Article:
Hey, Mckysdad! Sounds like you read "Never Cry Wolf". Good book.
Between ranchers' anecdotal evidence over decades and some ten years' worth of wildlife biologists' study, it is reasonably concluded that in Texas, a mountain lion will take a deer every week to ten days, if the deer are available.
In my area, the lions move in, kill while the killing is good, and then move on. They take rabbits and quail, of course--I've seen them. One year, during a three-day hunt on some land I leased, I saw more mountain lion tracks than deer tracks. Three different sizes of lion tracks. I saw no deer and few tracks in an area where I usually killed a pretty nice buck...
All predators are opportunists--which is part of why it's fair to call homo sap a predator. In general, coyotes won't attack a half-grown calf, but if Maw & Paw Koyote and their half-grown pups find a cow giving birth, I'd bet on veal for supper. They will kill sheep and goats "for the fun of it". That's been seen too often to deny it. Day in, day out, coyotes and wolves are mostly found to subsist on mice and rabbit-type critters. The problem is weekends and holidays, when bigger critters are on the menu.
Some six weeks back, I had a coyote come into the front yard and make a half-hearted run toward the birds at the feeder. The doves all flew; the quail ran off, oh, eight or ten feet. The quail then started walking towards Ol' Wily, chik-chirring mightily, cussing him out, bigtime. He looked insulted, turned and stalked off...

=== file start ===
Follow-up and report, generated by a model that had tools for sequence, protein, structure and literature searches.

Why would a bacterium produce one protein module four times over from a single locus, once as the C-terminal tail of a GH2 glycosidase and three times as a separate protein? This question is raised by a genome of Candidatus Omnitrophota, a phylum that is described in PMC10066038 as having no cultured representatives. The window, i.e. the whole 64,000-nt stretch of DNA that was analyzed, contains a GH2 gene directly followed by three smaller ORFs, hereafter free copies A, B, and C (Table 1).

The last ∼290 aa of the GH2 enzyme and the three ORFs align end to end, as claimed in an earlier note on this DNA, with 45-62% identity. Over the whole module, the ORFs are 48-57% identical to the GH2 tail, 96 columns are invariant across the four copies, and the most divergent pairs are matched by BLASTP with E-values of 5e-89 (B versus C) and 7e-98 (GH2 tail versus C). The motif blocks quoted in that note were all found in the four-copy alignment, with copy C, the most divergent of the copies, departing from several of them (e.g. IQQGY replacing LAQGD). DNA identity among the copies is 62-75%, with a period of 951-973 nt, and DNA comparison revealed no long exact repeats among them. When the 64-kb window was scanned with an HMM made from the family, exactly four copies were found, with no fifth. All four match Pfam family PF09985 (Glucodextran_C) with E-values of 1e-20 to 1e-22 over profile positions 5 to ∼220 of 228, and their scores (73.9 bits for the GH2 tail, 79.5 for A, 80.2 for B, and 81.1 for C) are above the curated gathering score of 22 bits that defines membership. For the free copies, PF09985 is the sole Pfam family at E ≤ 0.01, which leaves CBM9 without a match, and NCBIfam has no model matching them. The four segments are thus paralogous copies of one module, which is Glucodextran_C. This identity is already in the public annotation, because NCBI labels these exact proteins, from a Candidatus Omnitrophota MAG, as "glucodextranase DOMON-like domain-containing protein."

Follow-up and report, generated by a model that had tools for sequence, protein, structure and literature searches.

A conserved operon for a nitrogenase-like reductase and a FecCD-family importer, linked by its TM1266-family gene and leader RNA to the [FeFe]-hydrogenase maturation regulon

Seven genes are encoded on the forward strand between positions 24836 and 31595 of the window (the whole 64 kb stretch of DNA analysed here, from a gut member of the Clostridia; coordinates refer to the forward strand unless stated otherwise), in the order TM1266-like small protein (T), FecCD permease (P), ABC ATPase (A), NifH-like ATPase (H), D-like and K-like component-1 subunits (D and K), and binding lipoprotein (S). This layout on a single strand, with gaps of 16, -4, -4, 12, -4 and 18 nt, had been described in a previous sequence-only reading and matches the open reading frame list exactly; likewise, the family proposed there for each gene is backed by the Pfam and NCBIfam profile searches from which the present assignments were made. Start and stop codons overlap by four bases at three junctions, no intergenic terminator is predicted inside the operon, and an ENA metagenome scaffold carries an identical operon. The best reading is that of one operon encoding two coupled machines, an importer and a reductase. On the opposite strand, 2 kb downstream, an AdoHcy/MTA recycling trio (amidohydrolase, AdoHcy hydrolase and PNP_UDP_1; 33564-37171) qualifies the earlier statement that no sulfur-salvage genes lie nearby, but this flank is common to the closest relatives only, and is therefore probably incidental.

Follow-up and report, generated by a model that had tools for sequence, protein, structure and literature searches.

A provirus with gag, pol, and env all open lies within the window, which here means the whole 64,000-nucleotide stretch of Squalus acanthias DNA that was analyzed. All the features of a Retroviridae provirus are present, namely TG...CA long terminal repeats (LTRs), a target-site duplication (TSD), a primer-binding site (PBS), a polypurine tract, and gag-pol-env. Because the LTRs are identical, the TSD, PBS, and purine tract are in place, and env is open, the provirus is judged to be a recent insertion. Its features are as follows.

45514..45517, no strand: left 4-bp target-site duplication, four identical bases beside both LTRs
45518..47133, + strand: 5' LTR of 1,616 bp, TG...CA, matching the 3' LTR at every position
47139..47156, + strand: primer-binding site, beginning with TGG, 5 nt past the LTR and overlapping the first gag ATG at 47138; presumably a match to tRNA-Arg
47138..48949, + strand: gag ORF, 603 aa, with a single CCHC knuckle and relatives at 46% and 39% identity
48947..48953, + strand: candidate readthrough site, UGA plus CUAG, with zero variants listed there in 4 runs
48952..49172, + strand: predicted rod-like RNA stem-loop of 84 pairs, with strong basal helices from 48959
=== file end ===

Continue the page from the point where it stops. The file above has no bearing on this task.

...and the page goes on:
No such thing as "too much" outdoors, I reckon.
slymule: I was reading an article a few years back about the residential development in the Front Range foothills of the Rockies. The west side of the I-25 corridor. When folks first moved into this winter range for deer and elk, they saw lots of deer and elk. The herd-numbers declined over time. Residents blamed hunters. Biologists blamed loss of habitat and impacts with cars, etc. If you fill up the winter dining table with people, critters go elsewhere, and over time their numbers match the carrying capacity of the land that's left to them. It's not just the amount of land that's covered up; it's the accompanying noise and hassle factor as well.
As a generality, white tails will move right indoors with you, or in the back yard, anyway. Mule deer and elk just aren't that social.